Best Adventure – The Fane of St Toad
While the death of Dave Arneson was a blow to us all, the memorial session of Mike Curtis' froggy adventure The Fane of St Toad was very emotional for me, but in a good way. It was a victory for T&T as a simple a quick system for on the fly conversion of adventurers written for other games, and a victory of mood and glorious combat against insurmountable odds. Exploding frogs, who can resist that? Thanks Mike! Thanks Dave!

Best news – the OSR publishing effort
Once the hobby was all about making shit up. Then the idea got lodged in the brains of people, as witnessed by Tim Kask, that the company they bought the game from had better ideas than they. Nothing exactly helped people get out of that mindset when Gary Gygax wrote his rants about the true way to play D&D. When I first laid eyes on Pegasus Magazine, and other publications from Judges Guild, I loved them all. That cheap newsprint and the oozing feeling of hobbyists pouring out their love for the game reached that soft spot. Seeing that going on once again, this time as a pdf freebie online, a cheap booklet available from Lulu or somebody's webpage or blog is heartwarming. The publishing efforts in the OSR is one of my best memories of 2009.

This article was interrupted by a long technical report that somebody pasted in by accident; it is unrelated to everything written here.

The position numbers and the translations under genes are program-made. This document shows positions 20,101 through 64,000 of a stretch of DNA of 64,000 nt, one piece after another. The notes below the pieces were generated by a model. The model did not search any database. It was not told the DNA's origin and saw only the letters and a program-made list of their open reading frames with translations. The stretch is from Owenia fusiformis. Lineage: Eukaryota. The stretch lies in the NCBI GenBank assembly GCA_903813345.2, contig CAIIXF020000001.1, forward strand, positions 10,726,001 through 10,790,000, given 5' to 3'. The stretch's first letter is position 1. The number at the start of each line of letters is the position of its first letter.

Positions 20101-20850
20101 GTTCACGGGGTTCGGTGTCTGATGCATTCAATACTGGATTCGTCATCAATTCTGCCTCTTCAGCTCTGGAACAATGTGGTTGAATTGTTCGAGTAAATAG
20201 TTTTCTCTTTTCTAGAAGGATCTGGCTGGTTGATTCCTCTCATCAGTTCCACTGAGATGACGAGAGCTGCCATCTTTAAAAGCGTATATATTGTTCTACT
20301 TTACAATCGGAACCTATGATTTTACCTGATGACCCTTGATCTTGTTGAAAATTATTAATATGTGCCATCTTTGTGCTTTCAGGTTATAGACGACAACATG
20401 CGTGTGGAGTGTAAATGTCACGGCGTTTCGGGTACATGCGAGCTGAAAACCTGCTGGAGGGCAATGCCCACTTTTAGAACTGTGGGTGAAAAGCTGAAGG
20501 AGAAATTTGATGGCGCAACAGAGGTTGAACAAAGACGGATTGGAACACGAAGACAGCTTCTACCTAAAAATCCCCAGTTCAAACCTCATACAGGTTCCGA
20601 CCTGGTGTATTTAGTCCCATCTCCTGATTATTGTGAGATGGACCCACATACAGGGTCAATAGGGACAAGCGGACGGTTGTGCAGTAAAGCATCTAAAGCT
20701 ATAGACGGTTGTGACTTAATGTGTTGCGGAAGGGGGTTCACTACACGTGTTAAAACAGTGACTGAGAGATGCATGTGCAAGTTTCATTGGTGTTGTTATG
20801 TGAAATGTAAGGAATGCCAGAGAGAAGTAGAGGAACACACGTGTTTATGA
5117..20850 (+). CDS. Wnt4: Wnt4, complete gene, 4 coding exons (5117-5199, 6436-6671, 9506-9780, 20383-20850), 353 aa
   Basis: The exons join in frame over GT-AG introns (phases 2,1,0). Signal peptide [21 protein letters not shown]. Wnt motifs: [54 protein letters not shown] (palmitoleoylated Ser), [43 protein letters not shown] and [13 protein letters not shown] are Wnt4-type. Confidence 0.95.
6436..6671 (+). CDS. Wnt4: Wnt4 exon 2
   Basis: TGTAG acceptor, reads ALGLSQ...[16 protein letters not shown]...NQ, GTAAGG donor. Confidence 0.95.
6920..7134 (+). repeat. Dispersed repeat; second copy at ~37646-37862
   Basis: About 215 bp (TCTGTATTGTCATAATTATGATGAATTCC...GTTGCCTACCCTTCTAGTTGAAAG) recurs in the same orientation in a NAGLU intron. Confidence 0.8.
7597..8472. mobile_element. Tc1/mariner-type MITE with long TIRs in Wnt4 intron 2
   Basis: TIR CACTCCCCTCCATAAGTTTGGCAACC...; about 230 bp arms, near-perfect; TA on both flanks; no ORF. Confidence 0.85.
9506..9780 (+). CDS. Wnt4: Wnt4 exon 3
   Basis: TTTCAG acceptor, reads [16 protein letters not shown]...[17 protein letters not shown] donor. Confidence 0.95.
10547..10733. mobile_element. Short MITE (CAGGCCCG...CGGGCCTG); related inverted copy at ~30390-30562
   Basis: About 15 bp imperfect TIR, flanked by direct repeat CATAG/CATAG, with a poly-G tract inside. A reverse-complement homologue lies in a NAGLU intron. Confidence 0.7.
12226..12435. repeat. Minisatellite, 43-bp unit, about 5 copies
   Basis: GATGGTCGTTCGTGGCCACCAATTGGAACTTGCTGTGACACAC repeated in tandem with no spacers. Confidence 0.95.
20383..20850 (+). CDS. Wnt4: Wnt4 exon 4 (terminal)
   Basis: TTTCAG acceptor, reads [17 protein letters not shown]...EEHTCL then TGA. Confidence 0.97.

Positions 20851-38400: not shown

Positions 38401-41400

Best Game supplement – Fight On! Magazine
Having said that, Fight On! Magazine must be mentioned as a inheritor of Pegasus or Dungeoneer. That rag have the same kind of wild and crazy mix of just about anything. I love it.


  1. I agree, both regarding the loss of the founding fathers, and the amazing things that are happening in the OSR community.

    While we are losing many of the pioneers, the spirit lives and grows through the efforts of more and more dedicated bloggers and publishers.

    I am very optomistic about where the old-school community is heading!

  2. Holy crap, I hadn't heard about the Outlaw Press thing. That is incredibly depressing.

  3. You're welcome, Andreas, and thank you for choosing the Fane as your pick for best adventure. I write some things because I want to and others because I need to. The Fane was one of the rare ones that I both wanted and needed to write. If you'll indulge me, let me point out that it's still available for free here in case anyone's coming in late and has never seen the adventure for themselves.

    Here's to you a very happy 2010 for you and yours.

  4. Same to you, Mike! Go download his scenario, friends.

    Ed, depressing is the word. :(

    Otherwise I think I agree with our paladin, the future looks bright enough!

  5. A good summary of the year. 2009 has in many ways been a year of loss and disappointments, but some good things have happened too. Thanks for reminding me of the Fane of St. Toad, which I ought to have mentioned in my own summarization of the past year. That will need to be remedied I think.

    Happy New Year! :)

  6. I think I was a bit unique with that adventure. :)

    It was a emotional part of my year, it had to be mentioned.